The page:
There is one thing that really, really bugs me, and I'd like to get it off my chest.
The time has just changed, and days are noticeably shorter. Night falls early, and it feels intense. As we march inexorably forward into the long dark of winter, I see people start to struggle. It affects different people to different degrees, but let's be candid: lack of light does nobody any favors.
Except vampires. They do very well, as I understand it. And maybe it doesn't matter for zombies. I can't think about zombies (very high on Fear List) so I don't know much about them.
But the long dark, it is not kind to most humans among us.
So this is a good time to say the following: if you think you are depressed, odds are, you are. You know it, and I know it.
People don't, in my experience, think they're depressed unless they are.
And you should do something about it. At the very least, talk to your primary care doctor. I'm 100% certain they see lots and lots of depression. It is everywhere.
Sometimes depression is due to a particular situation. Say, for example, you get divorced or a loved one dies, and you go through a very hard period. Does this mean you need medication? Maybe, maybe not. I'm not a doctor; I just like to play one in my medicine cabinet.
Counseling can always help. Who among us is innately equipped to deal with grief and loss? In fact, counseling can help with so many things. We all have crap from our childhoods that govern who we are as adults. It's a relief to have help sorting that out.
But I digress.
Say, on the other hand, your behavior shifts for no discernible reason. Maybe you start crying a lot. Or you become constantly angry. Maybe you're tired all the time. Maybe you feel worthless, insecure. Your friends are doing things you usually think are fun, but you just can't be bothered. Because getting dressed and going out seems too hard.
These are all symptoms of depression.
And if you are depressed, you might not even recognize it. But if you think you might be, you probably are. So do something about it.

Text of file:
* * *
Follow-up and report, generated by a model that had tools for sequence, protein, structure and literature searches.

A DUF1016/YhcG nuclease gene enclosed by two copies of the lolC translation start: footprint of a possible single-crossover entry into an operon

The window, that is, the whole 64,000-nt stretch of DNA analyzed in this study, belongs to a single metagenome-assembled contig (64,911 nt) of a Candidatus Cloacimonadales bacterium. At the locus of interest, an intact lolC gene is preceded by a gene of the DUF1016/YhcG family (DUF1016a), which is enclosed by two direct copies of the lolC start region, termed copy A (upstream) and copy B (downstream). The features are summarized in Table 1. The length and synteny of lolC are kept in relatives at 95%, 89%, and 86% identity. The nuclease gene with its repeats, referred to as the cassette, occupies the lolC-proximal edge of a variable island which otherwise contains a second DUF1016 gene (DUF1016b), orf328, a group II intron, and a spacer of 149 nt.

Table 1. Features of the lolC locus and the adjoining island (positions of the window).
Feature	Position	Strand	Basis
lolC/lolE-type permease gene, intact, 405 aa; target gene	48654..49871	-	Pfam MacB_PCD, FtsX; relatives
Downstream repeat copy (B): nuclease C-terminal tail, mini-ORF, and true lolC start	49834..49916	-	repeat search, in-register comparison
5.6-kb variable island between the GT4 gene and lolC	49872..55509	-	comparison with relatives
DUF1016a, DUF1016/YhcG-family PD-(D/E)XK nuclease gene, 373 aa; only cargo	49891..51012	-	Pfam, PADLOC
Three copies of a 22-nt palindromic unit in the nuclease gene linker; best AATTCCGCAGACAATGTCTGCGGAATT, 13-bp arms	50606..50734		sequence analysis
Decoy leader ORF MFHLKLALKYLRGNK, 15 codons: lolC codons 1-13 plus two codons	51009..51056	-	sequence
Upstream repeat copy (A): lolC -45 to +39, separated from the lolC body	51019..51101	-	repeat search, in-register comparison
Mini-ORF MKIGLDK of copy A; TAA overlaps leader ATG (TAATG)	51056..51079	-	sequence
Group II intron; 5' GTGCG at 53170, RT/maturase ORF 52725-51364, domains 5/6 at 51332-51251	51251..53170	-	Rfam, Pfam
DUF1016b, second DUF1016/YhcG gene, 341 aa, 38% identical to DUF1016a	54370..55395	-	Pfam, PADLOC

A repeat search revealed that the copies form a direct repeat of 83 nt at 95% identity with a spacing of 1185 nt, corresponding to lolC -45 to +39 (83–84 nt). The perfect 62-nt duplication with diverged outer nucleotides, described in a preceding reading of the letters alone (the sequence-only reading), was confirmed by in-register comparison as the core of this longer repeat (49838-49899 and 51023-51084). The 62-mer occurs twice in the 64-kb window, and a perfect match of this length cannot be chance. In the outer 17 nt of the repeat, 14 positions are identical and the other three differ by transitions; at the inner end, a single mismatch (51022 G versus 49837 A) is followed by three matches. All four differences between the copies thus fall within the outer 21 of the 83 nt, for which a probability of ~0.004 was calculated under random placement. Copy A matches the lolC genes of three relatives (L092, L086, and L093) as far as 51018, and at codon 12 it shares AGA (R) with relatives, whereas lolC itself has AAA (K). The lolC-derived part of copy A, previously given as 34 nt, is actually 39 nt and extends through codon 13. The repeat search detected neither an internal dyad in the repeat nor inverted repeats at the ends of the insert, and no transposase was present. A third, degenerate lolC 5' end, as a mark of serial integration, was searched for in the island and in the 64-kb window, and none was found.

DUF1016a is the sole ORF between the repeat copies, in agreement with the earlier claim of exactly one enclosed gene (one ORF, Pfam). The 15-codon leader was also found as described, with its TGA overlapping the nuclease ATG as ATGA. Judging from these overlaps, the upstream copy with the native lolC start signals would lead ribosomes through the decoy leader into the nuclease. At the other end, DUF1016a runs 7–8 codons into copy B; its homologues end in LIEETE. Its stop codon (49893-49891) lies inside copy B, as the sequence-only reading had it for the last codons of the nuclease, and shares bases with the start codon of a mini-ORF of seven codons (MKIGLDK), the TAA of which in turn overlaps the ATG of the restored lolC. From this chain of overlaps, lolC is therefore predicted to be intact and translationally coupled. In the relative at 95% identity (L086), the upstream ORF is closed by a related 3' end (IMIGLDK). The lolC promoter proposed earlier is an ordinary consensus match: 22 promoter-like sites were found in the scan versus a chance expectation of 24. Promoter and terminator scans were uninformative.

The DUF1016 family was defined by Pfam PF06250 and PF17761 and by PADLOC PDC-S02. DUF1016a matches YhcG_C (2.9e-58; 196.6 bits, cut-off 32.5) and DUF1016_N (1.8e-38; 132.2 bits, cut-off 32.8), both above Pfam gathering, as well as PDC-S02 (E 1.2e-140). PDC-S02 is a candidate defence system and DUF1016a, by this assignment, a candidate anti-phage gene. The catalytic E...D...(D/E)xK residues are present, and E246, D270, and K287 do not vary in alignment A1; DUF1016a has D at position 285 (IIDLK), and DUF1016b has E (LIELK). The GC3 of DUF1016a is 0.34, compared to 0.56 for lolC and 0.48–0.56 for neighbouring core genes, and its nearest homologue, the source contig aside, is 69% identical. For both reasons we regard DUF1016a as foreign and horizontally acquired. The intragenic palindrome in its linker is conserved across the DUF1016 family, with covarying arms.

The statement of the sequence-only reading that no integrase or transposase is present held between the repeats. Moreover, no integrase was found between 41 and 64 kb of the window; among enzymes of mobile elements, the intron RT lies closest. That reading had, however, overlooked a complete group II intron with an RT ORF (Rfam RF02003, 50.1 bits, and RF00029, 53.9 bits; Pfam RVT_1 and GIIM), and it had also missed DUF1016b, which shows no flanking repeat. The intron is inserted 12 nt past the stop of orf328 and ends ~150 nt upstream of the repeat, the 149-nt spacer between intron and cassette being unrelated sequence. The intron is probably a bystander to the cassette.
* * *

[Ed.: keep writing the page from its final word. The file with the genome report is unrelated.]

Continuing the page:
Now, I know the DOING of things when you're depressed is so hard. Because everything is hard. Smiling is hard. Picking up the phone to make an appointment sounds exhausting. It's like you have to get up and get dressed while fighting through marshmallow fluff. The world wants you to stay in bed because it's easier.
But it's not ultimately easier. It is a much, much more difficult way to live. And it doesn't have to be this way.
Why, you may wonder, am I getting all soapboxy now?
From up on my box perch, I will tell you.
Being so open about my dad and depression and the effect of his suicide on our family, I get into lots of conversations with people about these things. And I regularly receive messages about depression.
Sometimes they are from strangers, and sometimes from people I know, to varying degrees. I get asked questions, for recommendations for therapists, for thoughts on situations, for resources.
(Once in a while, a friend will write to tell me about a suicide to ask for help understanding. Sometimes I think you just need to reach out to someone who can understand how bad you feel.)
Here is when I get frustrated, though: when someone thinks they are depressed, but then won't do anything about it.
Sometimes I give an opinion, or offer up resources, and they contend they don't feel that bad. Not bad enough to see a doctor. Or they know they don't need medication - it's not like that. Or they don't really see what a therapist might do for them. I mean, they know what their problem is, and they have friends to talk to, so why pay someone to talk about it?
Yah. So why ask me? Nobody needs to convince me of how not in need of help they are.
So to these people I say, things don't have to be so hard.
You don't have to struggle. You can get help and life can be easier.
Me, I've lived through some terrible things, and I'm still working hard to heal and move forward. I'm just living life the best I can. I take a pill every day because it makes life better for me and for my family. In the scheme, it seems a small thing to do, really.
And that's all I have to say about that.